Slimming Swimming: Why You Should Make Swimming Your Next Workout


Are you looking to lose some pounds this New Year? Swimming may be your next best friend. Swimming is light on the joints, provides a killer cardio workout, and is a fun way to exercise. Still not hooked? Read on to get an idea of the benefits of swimming and how you can get started.

Health Benefits

Swimming, a resistance exercise, is a great way to get a cardio workout in without the impact stress associated with a lot of other workouts. Instead of your joints being under the repetitive strain of running on the pavement, the water takes a lot of stress off your body by supporting you. This support makes swimming perfect for those with arthritis, people recovering from an injury, or seasoned runners on a cross-training day.

Swimming also helps develop muscle mass– as a resistance exercise, pulling and pushing against the water to move across the pool is incredibly demanding on your muscles. The more critical muscles that you develop through routine swimming are your back, shoulder muscles, traps, legs, and abs. This all-around workout is almost unrivaled in the number of muscle groups it works out. The horizontal nature of the sport, combined with the “cool down” portion of many workouts means that recovery time is significantly decreased, allowing you to build up muscle much more quickly.

Swimming also alleviates stress. The methodical motion of the different swimming strokes allows your mind to wander while you exercise, letting you relax in a way unique to the sport.

Where to Swim

There are many places to swim– oceans, lakes, pools, and some rivers, to name a few. However, make sure the water is safe before you swim. Pools are the most reliable bet– the chemical composition of pool water eliminates most of the bacteria. Be sure to shower after swimming to clean the residues of chlorine out of your skin and hair. Oceans are close to pools in the way water safety, but not without their hazards. From sharks to riptides, be sure only to follow all posted signs, and always obey the directions of all lifeguards. As far as lakes and rivers go, be sure to just swim in areas designated for swimming and heed all warnings of water quality, especially in the summer. The combination of heat and water can lead to algae development and conditions ideal for parasites.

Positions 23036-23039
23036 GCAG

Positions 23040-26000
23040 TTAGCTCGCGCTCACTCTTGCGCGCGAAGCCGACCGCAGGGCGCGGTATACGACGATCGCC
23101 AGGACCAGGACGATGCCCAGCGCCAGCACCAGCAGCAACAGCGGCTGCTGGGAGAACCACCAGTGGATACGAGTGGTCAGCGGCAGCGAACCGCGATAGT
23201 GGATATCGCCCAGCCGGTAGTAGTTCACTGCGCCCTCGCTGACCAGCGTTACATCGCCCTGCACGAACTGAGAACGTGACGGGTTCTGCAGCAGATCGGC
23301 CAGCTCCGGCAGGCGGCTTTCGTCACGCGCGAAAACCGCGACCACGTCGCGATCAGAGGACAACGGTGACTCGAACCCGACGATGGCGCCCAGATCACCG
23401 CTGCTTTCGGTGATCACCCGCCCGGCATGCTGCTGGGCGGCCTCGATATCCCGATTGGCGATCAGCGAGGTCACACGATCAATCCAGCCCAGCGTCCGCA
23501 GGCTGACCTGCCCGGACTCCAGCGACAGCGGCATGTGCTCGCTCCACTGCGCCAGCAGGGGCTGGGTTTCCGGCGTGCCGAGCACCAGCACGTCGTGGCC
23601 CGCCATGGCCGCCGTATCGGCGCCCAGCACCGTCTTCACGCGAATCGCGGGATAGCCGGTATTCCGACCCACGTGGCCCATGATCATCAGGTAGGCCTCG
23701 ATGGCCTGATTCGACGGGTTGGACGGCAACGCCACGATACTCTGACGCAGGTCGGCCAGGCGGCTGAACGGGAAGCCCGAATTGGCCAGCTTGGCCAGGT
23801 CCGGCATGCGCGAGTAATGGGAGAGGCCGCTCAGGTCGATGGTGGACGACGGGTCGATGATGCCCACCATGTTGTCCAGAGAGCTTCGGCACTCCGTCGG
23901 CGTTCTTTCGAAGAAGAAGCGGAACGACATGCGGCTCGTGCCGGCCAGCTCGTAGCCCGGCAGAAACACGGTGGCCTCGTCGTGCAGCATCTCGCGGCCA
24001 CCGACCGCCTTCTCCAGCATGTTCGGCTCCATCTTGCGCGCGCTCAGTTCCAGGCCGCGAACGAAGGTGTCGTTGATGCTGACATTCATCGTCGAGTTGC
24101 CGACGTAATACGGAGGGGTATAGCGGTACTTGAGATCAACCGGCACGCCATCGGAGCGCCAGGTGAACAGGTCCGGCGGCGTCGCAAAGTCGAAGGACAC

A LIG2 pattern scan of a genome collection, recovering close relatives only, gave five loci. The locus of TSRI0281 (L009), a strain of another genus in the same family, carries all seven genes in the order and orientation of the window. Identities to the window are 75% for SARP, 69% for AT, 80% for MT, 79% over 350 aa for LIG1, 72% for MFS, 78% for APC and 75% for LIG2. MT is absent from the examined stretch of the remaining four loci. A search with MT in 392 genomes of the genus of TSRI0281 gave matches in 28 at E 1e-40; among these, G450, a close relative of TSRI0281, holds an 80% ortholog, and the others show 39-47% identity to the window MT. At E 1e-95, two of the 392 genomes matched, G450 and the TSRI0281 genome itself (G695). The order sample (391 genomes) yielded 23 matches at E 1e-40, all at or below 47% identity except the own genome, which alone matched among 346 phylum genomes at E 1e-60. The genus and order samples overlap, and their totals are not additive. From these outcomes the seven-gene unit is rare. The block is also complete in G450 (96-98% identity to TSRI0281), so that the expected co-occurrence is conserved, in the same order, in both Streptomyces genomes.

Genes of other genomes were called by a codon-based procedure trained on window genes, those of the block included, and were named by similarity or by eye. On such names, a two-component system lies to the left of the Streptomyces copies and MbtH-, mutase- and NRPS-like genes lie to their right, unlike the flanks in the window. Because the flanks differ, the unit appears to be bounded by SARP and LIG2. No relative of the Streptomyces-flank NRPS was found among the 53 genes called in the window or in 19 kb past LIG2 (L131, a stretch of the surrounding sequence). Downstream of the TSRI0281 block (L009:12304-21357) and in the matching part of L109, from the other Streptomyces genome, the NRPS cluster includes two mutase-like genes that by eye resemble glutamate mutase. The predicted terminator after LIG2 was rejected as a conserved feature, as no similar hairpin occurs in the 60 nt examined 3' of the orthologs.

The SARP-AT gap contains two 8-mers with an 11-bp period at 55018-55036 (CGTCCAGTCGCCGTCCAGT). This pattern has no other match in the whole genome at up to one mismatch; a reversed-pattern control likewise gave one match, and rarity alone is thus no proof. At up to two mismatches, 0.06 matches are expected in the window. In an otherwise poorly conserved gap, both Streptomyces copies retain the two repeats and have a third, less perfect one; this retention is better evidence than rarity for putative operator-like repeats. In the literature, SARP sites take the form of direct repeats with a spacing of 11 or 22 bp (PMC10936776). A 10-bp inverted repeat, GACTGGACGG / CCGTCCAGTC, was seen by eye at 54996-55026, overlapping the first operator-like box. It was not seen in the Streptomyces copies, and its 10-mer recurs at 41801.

How to Get Started

If you’re hooked on the idea of swimming, then consider buying a pair of goggles and a swimsuit. A pair of goggles starts at around five or ten dollars online, and many pools have a vendor for goggles on site if you need some last-minute. A swimsuit will run you a little higher– a women’s ”practice” one-piece suit goes starts at around $25 when men’s “jammer” (a tight, knee-length swimsuit) will run you anywhere from $15-$20. If you have longer or chlorine-sensitive hair, a swim cap is ideal for a comfortable swim workout. Latex caps will only run you from one to three dollars, while a silicone cap (which is perfect for those with latex allergies) will run you anywhere from two dollars and change to almost $20. Once you get more involved in swimming, you can buy additional tools to supplement your workouts. Some examples are kickboards, which isolate your lower body, pull buoys, which allow you to focus on your upper body, and fins, which help you fix any issues in your kick while also allowing you to increase your overall speed.

Now that you have all the equipment you need: find your location to swim in. Pools are the most common place to swim, but if you are exercising in an ocean, a lake, or a river, more power to you. If you don’t know how to swim, many pools offer swim lessons for adults and children, many of which are relatively inexpensive.

When you enter the water during your workout, be careful not to dive headfirst into anything less than eight feet deep as you run the risk of a head injury. Many people structure their workouts with a warm-up, a “main set,” and a cool-down. The warm-up and cool-down exercises are a few laps of the pool at a leisurely pace. People make the primary focus of the workout, commonly called the main set, either a longer, slower swim or a shorter, faster swim. Once you’ve finished your workout, be sure to shower to clean your body of any chlorine residue, and eat something that contains protein within 30 minutes of your exercise to get ideal muscle growth. Be sure to rinse off your swimsuit as well to keep the chlorine from rotting it away.

Are you considering swimming this New Year? Do you have any swimsuits or sets that are your favorite? Let us know below!


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